A snowball is now rolling within the Northern Ireland Executive which means that, seemingly, without a blatant climbdown by one party or the other the Executive will fall, necessitating elections.
Such elections would be utterly pointless of course because, assuming they returned roughly the same Assembly as in May, all the problems at the root of the Executive’s trials would remain. (A few more would be created too – the “convenient” Justice Minister which saved the Executive from an immediate collapse after the last election would probably lose her seat, for example.)
No, at the heart of this, just over half a year in, is the simple fact that the people of Northern Ireland elected into government two parties who are incapable of and uninterested in governing.
People therefore lose give up on “politics”, but actually we should know better than anyone that the choice is between politics and violence. Politics therefore has to be made to work. There is a cost – in drugs unfunded, operations missed and schools unresourced – for having unable and uninterested people in government.
The fact is you could almost pick ten people at random off the street and they would provide a more competent government than the Executive we have (the one we elected). At least some of them would have a basic ability to get on with each other.
The DUP’s story is, of course, not straight. Low level issues concerning the recipients of office rent and maintenance contract have now become huge public interest stories of public money shuffled through mysterious incompetence to people who, some might say suggest, just happen to fit the stereotype of a typical DUP supporter. Claims there is only one letter, or that there were no meetings, or that there was SpAd interference, are soon disproved. British libel laws are blocked by a purportedly British party and the free press attacked for doing its job. Meanwhile the party professes to stay loyal to a Leader whose Ministerial career has consisted of one error or oversight after another, as so eloquently outlined by the Green Party leader on the Assembly floor before Christmas. That Leader is of course capable of absolutely no charity to her coalition partners, literally from Day One talking up the past and even before Day One suggesting she had to remain Finance Minister while her colleagues played hokey-cokey because Nationalists as an entire group could not be trusted with the purse strings (what goes around comes around, it turns out…)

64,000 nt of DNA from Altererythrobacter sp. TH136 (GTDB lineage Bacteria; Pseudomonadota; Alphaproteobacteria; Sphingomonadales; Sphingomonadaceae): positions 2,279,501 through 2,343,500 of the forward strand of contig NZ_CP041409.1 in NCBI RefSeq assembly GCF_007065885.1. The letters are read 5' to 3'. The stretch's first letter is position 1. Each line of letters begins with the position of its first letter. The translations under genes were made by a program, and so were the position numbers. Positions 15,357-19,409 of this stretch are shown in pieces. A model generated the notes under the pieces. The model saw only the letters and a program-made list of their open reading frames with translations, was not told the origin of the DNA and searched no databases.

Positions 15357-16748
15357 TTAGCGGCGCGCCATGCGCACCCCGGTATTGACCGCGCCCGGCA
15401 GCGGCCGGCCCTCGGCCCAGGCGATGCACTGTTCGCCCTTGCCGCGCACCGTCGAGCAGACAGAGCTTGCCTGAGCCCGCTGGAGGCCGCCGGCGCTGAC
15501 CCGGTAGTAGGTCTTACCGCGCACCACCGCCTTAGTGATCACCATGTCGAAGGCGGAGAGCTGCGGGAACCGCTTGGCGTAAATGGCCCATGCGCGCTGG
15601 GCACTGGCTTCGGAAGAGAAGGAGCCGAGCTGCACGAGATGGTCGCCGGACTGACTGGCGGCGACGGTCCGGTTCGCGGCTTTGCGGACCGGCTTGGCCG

Not that Sinn Féin is an innocent party by any means. It has had the chance to deliver on key issues for it such as an Irish Language act but failed due to ludicrous overreaching; it too has gone against Business Cases (e.g. the movement of an entire Department to Ballykelly is against advice); it has then shown itself confused about what a public inquiry is and how it works (the ludicrous notion that the politically appointed Attorney General would have anything to do with making appointments to an independent inquiry, for example, shows basic ignorance of the legal system and an unwillingness to become informed even when this is pointed out); and then it too has lashed out at the media merely for pointing out inconsistencies in exactly what its demands are. Meanwhile the left hand is unclear what the right hand is doing, and its Finance Minister denies any involvement in the scandal despite plainly knowing about it since before a Committee meeting in early October and holding an office through which he could act to limit the damage.
Fundamentally, if the DUP and Sinn Féin cannot work together, then they have no business going to the electorate pretending they can and then just hobbling from crisis to crisis. No matter how good they are at populism, the fact that elections could even be spoken of only eight months after the last ones shows how utterly useless they are at democratic government.
After all, it does not take a genius to see that, in a democracy, when things go wrong you have a proper independent inquiry into who was responsible and what can be learned. So why is the Executive set against this obvious course of action?
They are not only useless, but they evidently also have something to hide, just as they hide their donors. The notion of pointless elections should not deflect us from that key point.
Oh, and always remember. Pride comes before a fall.